Joining the holiday letting boom is simple, but tax must be taken into account

With summer around the corner, improved air links and lower prices for foreign visitors as a result of the weakening pound, demand is strong for visitor accommodation across the country.

Across the UK property owners have seen the earning potential in joining the holiday market. And there are benefits to the country too – recent research showed visitors who rent self-catering properties are bringing almost £300 million to the Scottish economy.

The study from the trade body representing the sector, the Association of Scotland’s Self-Caterers, also suggested 10,700 jobs are supported by self-catering tourism with a further 4,500 indirectly supported.

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Those figures are just part of the story. They don’t reflect the many properties which are registered online with sites such as Airbnb. In Edinburgh alone, December figures for Airbnb show almost 3,400 properties listed.

To register accommodation for rent through a website such as Airbnb, or any online marketplace, is quick and easy. And at peak times there is money to be made, but have-a-go hosts really need to understand the tax facts before leaping to join the sharing economy.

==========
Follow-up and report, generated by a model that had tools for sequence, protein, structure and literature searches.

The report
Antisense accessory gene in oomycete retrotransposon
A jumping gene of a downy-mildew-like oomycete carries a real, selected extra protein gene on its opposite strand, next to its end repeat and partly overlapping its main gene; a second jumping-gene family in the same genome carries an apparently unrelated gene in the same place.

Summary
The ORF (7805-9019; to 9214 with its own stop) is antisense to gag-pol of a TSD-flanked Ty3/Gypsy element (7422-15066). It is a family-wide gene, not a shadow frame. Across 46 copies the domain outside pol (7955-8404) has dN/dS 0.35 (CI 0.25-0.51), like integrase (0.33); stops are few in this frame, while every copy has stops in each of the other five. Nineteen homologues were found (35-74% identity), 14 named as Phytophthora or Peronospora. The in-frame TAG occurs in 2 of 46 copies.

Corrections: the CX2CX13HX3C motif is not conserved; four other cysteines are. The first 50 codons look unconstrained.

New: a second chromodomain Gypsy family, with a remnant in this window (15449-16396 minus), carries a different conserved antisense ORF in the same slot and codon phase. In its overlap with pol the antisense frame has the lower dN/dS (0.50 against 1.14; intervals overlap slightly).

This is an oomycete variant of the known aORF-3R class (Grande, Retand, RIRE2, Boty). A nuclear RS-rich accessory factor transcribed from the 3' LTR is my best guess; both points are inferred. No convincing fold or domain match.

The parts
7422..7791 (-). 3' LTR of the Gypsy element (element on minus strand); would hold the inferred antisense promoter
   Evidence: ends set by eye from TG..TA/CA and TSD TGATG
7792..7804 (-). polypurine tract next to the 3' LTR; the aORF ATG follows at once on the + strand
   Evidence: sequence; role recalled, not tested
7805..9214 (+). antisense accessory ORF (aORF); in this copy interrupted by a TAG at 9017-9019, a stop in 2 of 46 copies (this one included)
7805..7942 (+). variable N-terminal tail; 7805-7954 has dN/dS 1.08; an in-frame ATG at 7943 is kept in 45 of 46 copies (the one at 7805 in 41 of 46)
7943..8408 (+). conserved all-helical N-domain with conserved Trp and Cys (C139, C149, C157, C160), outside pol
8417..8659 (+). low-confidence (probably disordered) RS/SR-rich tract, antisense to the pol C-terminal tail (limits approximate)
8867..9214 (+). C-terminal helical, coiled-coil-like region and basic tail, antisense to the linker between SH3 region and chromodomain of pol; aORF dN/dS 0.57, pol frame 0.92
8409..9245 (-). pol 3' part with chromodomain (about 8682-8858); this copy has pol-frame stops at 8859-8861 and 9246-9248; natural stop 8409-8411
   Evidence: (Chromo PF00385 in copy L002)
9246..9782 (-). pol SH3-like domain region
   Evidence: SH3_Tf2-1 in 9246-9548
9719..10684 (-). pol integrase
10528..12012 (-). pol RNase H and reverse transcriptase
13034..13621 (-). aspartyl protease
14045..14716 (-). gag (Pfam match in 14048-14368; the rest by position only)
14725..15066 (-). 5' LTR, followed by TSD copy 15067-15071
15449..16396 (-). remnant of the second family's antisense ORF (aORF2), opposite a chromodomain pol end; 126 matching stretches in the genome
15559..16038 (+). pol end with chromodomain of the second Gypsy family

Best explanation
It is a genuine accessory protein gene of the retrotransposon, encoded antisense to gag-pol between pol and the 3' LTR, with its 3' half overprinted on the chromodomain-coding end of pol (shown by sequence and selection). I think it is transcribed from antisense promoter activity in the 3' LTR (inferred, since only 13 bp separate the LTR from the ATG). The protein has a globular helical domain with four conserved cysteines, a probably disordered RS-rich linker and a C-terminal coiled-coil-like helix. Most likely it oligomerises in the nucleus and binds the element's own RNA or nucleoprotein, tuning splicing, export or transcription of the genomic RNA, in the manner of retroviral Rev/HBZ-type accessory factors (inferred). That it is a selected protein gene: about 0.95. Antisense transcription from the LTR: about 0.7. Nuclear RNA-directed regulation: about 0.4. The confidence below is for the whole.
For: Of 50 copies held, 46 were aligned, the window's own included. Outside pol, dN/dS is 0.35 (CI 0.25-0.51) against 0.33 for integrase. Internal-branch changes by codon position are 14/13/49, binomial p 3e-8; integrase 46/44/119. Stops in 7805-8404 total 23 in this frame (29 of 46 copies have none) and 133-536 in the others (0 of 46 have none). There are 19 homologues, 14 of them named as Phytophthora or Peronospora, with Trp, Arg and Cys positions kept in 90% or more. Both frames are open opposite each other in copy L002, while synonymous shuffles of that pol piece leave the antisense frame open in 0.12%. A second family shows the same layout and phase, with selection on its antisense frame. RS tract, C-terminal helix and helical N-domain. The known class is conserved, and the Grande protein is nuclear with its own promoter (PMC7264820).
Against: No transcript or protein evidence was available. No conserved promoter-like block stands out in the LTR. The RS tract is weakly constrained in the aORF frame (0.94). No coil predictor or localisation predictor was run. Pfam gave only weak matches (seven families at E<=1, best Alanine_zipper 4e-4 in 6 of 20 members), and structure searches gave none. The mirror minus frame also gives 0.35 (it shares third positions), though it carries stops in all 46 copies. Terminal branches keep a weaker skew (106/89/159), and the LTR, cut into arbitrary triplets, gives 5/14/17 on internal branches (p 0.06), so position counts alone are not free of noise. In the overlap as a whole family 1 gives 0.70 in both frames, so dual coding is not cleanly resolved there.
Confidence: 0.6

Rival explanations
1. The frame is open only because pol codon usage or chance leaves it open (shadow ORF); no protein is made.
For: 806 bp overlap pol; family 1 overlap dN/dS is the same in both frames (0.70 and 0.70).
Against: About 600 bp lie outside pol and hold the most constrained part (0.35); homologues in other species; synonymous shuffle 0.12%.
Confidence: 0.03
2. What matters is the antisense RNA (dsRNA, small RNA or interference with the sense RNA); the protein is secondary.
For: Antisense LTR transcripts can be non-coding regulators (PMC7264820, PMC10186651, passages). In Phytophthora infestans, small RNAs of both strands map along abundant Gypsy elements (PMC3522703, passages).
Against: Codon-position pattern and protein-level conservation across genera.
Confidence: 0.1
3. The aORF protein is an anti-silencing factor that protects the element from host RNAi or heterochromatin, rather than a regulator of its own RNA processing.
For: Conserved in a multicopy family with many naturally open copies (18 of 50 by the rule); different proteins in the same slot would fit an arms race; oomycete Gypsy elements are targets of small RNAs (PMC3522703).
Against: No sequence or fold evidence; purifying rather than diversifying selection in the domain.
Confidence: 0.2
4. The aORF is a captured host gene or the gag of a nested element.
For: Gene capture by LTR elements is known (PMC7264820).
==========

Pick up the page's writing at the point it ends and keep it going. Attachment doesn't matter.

Apart from being aware of the need to file a self-assessment tax return – and the risk of significant fines if you don’t – is the criteria that surrounds rental income. Like many issues related to tax, it can be complicated.

For a start, owners need to consider the form the rental income takes. Airbnb hosts have different options: rent a room, or rooms, or even a couch in your own home, or rent out a property as a whole. These will all be classed as furnished lets or furnished holiday lets (FHL).

A profit, whether on a furnished let or an FHL is taxable at 20, 40 or 45 per cent, depending on whether the host is a basic, higher or additional rate taxpayer. But there are various tax reliefs available.

Since April 2016, if you live in the property that’s being rented out, you are entitled to £7,500 tax-free income under the rent-a-room allowance. For a property to be considered an FHL it must be furnished, available for let for 210 days a year and let for at least 105 days of the year. And the property must not be let on a long period, which is more than 31 days.

If the property meets these criteria, the owners can claim capital allowances and there are certain capital gains tax reliefs available. The profits from an FHL count as ‘earned income’ for pension contribution purposes.

This summer homeowners may well be looking to take advantage of what seems like a simple and effective way to earn extra money.

When considering this, homeowners must ensure adequate insurance, good record keeping and take tax advice to ensure they are correctly declaring the income while getting full credit for allowable expenses and all available tax reliefs.

Lucy Crow is tax manager at chartered accountants Henderson Loggie